♪ >> welcome to live from paris. world news and analysis from "france 24." these are the world news headlines. the cannes film festival opens. we'll bring you a run through of the films and analysis of this year's jury headed by spike lee. the most, how can i put it, female friendly jury ever. in the news, a political rival of alexander lukashenko jailed for fraud, a verdict described
as insane by an exiled opposition leader. in business, oil prices briefly spiking this tuesday to a near 70 peak after the opec -- near 7 year peak after the opec entrepreneur meeting. the opec plus meeting. all of that discussed, live from paris. thank you for being with us. our first destination, yes, cannes, ,and the famous film festival. olivia is there for us. we can join her live. olivia, i will say great to see you when you are there. great to see you.
covid caused the cancellation of last year. how is covid marking this year's event? olivia: it is true, there are a lot of health and safety measures here. there are a lot of controls at the door. we have to show health passports, a qr code or a piece of paper to show your status but has not slowed down proceedings. they did kick off with the musical film "annette" that comes from a french director that centers on an opera singer and a standup comedian. this is a musical but you can banish aany associations with broadway. it is much darker than that. a lot of the dialogue is actually sung which is funny and
touching at times. the music is written by the l.a. group sparks. they came up with the idea for the story. an interesting examination of what it is to be successful, what it is to be in a relationship with an artist. >> sounds really fascinating. sounds like you are having a great time. tell us more about the films there. what do you think is tipped to win the palm d'or? >> it is too early to say but it is an interesting choice for the opening film. he has an interesting history with this festival. he presented "lovers on the bri dge" in 1991, which was well received. and a movie in 2012, after a few patchy years in his career. he is someone who is more interested in the ordinary world or realisma, which makes it a kind of divisive sort of cinema. he is uncompromising.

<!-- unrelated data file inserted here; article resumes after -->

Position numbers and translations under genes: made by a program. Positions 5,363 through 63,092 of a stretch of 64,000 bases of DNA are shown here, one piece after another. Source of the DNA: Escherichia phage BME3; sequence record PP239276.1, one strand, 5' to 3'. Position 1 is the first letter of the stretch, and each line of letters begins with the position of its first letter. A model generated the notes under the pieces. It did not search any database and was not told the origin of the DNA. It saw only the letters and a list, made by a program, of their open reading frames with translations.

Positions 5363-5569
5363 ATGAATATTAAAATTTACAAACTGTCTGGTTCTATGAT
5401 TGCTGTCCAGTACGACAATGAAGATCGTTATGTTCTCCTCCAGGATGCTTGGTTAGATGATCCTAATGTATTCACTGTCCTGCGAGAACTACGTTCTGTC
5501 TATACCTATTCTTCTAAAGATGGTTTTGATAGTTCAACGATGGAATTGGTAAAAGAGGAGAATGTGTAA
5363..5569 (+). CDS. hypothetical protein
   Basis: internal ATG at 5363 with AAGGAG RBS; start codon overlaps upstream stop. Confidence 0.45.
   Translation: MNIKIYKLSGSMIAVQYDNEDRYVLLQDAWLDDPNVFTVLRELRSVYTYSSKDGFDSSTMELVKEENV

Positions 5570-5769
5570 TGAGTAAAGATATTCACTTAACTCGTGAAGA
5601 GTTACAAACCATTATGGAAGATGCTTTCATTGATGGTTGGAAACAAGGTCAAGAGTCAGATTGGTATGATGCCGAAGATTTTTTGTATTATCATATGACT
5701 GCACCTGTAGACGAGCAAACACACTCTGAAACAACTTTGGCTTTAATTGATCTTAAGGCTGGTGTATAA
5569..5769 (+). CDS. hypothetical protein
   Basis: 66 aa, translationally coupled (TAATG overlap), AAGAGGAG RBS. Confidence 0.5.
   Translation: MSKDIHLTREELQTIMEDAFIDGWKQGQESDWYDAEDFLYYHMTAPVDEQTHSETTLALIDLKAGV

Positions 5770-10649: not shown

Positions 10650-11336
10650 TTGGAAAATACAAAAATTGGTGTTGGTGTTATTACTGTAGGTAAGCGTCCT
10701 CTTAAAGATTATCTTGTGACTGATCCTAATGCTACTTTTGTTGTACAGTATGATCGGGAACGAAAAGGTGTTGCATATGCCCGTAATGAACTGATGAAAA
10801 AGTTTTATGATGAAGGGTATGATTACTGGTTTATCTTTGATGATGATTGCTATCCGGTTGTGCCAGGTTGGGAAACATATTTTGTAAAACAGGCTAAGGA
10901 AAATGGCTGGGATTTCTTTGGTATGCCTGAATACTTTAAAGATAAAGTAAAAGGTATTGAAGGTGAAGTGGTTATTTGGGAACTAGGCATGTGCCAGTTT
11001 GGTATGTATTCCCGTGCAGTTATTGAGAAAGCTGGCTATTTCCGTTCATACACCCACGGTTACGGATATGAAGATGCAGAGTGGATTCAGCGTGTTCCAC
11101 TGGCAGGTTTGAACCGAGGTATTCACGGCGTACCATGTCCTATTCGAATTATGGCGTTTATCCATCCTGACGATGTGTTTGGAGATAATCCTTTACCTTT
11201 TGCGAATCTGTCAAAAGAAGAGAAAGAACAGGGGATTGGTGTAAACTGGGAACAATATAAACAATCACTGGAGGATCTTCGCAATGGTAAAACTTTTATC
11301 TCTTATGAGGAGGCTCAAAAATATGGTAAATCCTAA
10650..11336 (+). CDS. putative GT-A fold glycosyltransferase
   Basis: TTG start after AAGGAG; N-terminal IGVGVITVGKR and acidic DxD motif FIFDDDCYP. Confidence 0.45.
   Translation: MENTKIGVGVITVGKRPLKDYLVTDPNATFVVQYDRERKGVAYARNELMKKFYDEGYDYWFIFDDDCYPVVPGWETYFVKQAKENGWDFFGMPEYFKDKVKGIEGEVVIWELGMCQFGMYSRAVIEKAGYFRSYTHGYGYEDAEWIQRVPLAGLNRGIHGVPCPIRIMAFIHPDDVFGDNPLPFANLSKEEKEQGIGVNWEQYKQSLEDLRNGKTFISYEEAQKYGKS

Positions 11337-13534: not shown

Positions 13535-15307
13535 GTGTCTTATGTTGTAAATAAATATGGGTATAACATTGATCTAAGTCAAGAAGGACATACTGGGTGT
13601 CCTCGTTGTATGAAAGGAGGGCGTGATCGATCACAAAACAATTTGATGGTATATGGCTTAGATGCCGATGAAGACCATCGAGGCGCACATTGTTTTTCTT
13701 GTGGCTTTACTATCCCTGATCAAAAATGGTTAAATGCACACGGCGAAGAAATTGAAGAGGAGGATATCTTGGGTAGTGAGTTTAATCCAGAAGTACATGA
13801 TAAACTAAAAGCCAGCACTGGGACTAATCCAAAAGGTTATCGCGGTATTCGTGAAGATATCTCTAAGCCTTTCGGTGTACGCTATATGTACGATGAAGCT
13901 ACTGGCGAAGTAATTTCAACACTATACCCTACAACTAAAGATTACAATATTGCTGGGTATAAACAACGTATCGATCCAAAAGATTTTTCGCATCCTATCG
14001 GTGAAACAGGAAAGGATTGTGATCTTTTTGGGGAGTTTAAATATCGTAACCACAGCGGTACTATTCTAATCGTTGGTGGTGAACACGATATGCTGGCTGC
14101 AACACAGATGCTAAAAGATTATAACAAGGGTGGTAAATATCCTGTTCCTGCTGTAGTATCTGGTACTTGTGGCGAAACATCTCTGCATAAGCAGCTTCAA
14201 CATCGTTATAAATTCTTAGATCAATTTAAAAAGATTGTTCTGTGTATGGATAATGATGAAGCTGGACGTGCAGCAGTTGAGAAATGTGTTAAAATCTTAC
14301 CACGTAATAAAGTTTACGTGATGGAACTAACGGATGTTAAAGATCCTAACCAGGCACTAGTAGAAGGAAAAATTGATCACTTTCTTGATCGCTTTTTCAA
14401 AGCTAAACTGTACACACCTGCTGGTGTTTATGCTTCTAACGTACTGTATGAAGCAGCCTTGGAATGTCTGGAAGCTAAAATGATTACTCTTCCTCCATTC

and adam driver said he was such a fan of french cinema that he would have done everything to work with him. he didn't know this film had singing when he signed up to work with him. told that to us in an interview shown in our special daily show "encore in cannes" which you can cah every evening at 10:15. >> can i ask you one more question? you are near the red carpet. you look down on the dollars it is happening. have you seen anybody famous? excite us. olivia: of course the even -- th is evening the proceedings kicked off with spike lee dressed in a pink suit. we saw the french actor and maggie gyllenhaal as well. and jodie foster is also here. she's being honored with an honorary palm. she first came to this festival at 13 with the film "taxi d
river." >> looking forward to find out what spike lee -- in that pink suit. olivia, thank you for being with us. fantastic stuff. the cannes film festival back after being canceled last year. great to see you let's now talk about spike lee. president of the jury at cannes. let's take a look at his credentials. >> ina baseball cap and round glasses, spike lee needs no introduction. >> i have done this before. >> br-- born in atlanta, his mother a teacher and his father a jazz musician. he says his mission is to hold a mirror up to america, often focused on the african-american experience. his biopic on malcolm x
propelled him to superstardom. >> when you say homage to spike lee, it is not just spike lee, you are paying homage to all the people in front of and behind the camera that made these films possible. lee branched out directing music videos for pop and hip-hop stars. after film,, his passion is basketball. he directed a documentary on kobe bryant. >> big game for the lakers. big game for their opponent, the san antonio spurs. >> show time. >> 9in 200106, "inside man" became his biggest hit. then he took the jury prize "black klansman."